Boris Johnson has refused to scrap an instruction to the capital’s fire authority ordering members to consider the merits of withholding pay for striking firefighters.
Earlier this week the Mayor instructed the London Fire and Emergency Planning Authority (LFEPA) to consider a report assessing the feasibility of withholding pay for an entire shift, even when firefighters only strike for some of it.
LFEPA operates as a standalone authority but Mr Johnson, who sets it annual budget, has the power to overrule members by issuing a written ‘Direction’.
That power was used for the first time last summer when Mr Johnson directed authority members to consult Londoners over proposals to close fire stations and axe fire engines in the wake of cuts in both City Hall and UK Government grants.
In recent months the Mayor has issued a number of further directions, including instructing the authority on how it should manage the sale of closed fire station buildings.
Opposition members of the authority believe the Mayor is undermining their role by issuing so many decisions but the Mayor, who wants to reform the body, says Londoners hold him accountable for pan-London services.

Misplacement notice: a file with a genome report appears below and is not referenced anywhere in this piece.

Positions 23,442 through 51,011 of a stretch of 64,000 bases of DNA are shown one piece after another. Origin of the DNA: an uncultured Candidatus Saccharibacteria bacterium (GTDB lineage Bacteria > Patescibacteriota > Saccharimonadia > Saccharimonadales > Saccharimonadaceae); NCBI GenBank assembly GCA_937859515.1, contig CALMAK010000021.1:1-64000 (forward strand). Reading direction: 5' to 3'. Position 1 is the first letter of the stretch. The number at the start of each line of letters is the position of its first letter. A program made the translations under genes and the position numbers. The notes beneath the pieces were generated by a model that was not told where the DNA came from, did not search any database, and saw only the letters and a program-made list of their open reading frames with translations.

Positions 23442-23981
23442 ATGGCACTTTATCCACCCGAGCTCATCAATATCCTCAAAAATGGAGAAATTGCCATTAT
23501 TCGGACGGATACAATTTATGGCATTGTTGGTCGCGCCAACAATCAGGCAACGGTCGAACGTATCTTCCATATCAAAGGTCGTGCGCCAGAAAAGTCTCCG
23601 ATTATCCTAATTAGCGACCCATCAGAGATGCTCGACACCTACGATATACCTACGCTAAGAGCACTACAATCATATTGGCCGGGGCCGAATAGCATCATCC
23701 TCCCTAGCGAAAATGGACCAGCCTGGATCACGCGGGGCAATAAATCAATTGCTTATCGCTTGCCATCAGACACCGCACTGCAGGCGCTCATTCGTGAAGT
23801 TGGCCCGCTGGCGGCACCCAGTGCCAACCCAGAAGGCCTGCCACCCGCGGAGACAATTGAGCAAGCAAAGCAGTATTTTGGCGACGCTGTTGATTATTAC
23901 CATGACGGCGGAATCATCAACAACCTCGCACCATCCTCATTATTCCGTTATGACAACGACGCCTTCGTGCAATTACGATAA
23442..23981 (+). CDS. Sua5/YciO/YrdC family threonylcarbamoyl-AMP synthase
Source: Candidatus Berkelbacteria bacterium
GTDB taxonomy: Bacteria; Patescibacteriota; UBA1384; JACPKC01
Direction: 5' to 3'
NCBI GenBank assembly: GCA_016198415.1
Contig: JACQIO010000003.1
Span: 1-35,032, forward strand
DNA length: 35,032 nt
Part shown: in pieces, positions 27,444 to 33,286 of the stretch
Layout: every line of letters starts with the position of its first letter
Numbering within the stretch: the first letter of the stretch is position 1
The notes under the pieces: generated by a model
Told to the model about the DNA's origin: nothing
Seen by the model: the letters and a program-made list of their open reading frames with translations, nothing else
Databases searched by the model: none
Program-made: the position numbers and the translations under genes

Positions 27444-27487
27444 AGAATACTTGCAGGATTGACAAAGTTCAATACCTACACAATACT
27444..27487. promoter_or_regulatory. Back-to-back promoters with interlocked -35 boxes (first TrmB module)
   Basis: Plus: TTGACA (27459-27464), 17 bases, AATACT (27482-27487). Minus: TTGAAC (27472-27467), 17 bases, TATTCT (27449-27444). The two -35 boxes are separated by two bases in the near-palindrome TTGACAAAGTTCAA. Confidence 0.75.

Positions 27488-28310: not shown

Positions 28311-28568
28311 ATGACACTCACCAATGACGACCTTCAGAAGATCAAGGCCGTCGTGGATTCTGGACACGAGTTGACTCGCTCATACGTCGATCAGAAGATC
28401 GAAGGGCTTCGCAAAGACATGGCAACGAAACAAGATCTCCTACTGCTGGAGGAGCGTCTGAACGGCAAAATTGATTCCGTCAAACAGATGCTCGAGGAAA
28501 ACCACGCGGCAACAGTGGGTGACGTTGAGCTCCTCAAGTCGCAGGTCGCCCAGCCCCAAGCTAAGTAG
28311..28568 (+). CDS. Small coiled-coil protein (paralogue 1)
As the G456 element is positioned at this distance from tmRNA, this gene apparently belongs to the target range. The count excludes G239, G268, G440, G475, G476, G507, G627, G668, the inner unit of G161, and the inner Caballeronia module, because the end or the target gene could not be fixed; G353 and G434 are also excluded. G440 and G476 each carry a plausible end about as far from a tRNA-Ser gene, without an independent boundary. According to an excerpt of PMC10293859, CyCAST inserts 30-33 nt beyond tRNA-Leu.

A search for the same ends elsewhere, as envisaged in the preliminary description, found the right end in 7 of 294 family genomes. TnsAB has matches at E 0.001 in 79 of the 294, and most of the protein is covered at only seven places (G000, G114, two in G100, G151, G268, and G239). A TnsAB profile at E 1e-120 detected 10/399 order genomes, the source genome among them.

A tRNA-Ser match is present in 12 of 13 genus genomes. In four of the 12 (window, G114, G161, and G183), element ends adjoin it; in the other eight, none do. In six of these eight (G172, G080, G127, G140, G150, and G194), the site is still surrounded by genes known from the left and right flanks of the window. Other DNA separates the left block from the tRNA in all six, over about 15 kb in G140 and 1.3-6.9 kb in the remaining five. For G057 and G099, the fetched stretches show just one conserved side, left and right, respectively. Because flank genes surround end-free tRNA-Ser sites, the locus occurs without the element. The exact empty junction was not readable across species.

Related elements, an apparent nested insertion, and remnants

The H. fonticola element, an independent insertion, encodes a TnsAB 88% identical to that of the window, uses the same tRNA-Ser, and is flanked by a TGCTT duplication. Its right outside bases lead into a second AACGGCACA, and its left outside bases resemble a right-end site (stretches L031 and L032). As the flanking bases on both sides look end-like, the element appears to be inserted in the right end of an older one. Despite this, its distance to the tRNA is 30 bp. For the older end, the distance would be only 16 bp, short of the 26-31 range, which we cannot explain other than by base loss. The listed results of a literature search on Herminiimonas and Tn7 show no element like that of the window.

Firefighters across England have held a series of strikes in protest at Government plans to increase the age at which they can retire on a full pension.
The Fire Brigades Union claims many members would be unable to stay fit enough to work until the higher age and would be sacked, thereby losing some of their pension entitlement.
LFEPA members had previously rejected adopting the so-called ‘locking out’ policy but the Mayor, concerned at the cost of hiring private contractors to provide emergency cover, ordered a report be presented to the authority’s meeting on October 2nd.
On Wednesday opposition members of the London Assembly called on Mr Johnson to withdraw the ‘Mayoral Direction’.
That call was repeated by a majority of LFEPA members at a meeting of the authority’s Appointments and Urgency Committee Meeting on Thursday.
Critics, including Labour AM Andrew Dismore, say the Mayor should reconsider his instruction in the face of Assembly and LFEPA opposition and the fact that LFEPA had already rejected adopting the policy.
In addition, they say brigades which adopted the policy were subsequently forced to reverse their decision “due to the impracticability of that approach”.
However a letter from the Mayor’s chief of staff, Sir Edward Lister, says Mr Johnson “will not be reconsidering” his instruction and believes the full authority should receive a “balanced report” to inform any future decision .
In his letter, Sir Edward reminds authority members that Mayoral Directions are a binding instruction to act and not “an opportunity to start a debate”.
During last year’s row over station closures authority members sought legal advice on the possible of disobeying the Mayor’s instructions but were advised this would be illegal.